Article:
How to make Rowan’s Veggie stir fry with quinoa:
- Add oil to a large frying pan and heat
- Once the oil is heated, add chopped garlic and ginger and cook
- Add chopped onion and cook until golden
- Then add the bulkier veg – carrots, peppers and broccoli
- Cook until soft and cooked through
- Then add the rest of the vegetables – spring onion, courgette, beans and pak choi
- After that is all cooked through add the final vegetable – spinach. Let that wilt
- The final step is to add soy sauce and any other seasoning you wish to add
- Serve with quinoa or carbohydrate of your choice.
Not only does this stir fry recipe taste great, if any is left over, it’s a great option to meal prep and can be placed in a tub and warmed up the next day for lunch.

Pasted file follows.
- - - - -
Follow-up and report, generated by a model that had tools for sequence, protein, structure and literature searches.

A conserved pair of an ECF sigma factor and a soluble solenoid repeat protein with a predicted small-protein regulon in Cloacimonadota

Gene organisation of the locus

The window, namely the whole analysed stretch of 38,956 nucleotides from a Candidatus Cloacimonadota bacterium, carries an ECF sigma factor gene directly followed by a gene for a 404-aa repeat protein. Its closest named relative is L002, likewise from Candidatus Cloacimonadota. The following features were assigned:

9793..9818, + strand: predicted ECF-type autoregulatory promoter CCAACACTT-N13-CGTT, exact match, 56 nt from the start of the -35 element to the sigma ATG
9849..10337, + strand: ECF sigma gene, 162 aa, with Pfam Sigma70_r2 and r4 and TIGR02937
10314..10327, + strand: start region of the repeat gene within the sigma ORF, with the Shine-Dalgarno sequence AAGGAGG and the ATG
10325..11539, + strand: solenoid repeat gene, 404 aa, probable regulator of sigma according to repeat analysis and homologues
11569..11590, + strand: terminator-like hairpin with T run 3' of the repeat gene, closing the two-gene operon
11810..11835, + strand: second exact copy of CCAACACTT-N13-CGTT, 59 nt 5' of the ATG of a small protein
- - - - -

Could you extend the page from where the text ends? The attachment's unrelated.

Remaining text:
Healthy eating tip #6 ‘I eat plenty of lean protein and only have red meat as a treat’
As I may have mentioned, I eat lots of protein as it gives me energy and fuel and keeps me feeling full.
Lean protein such as chicken with vegetables is my go-to meal prep which I have to do as I am often busy. Plus, it’s also a great way to make sure I am getting all of my needed macronutrients.
All I do is cook a whole load of chicken breast and a variety of vegetables (boiled, steamed or roasted), divide it all into tubs and keep it in the fridge.
Then all I have to do is heat up the food up when I need to in the microwave. Meal prep is also a great way to control portion sizes, calories and macros too.
More ‘What I eat in a day’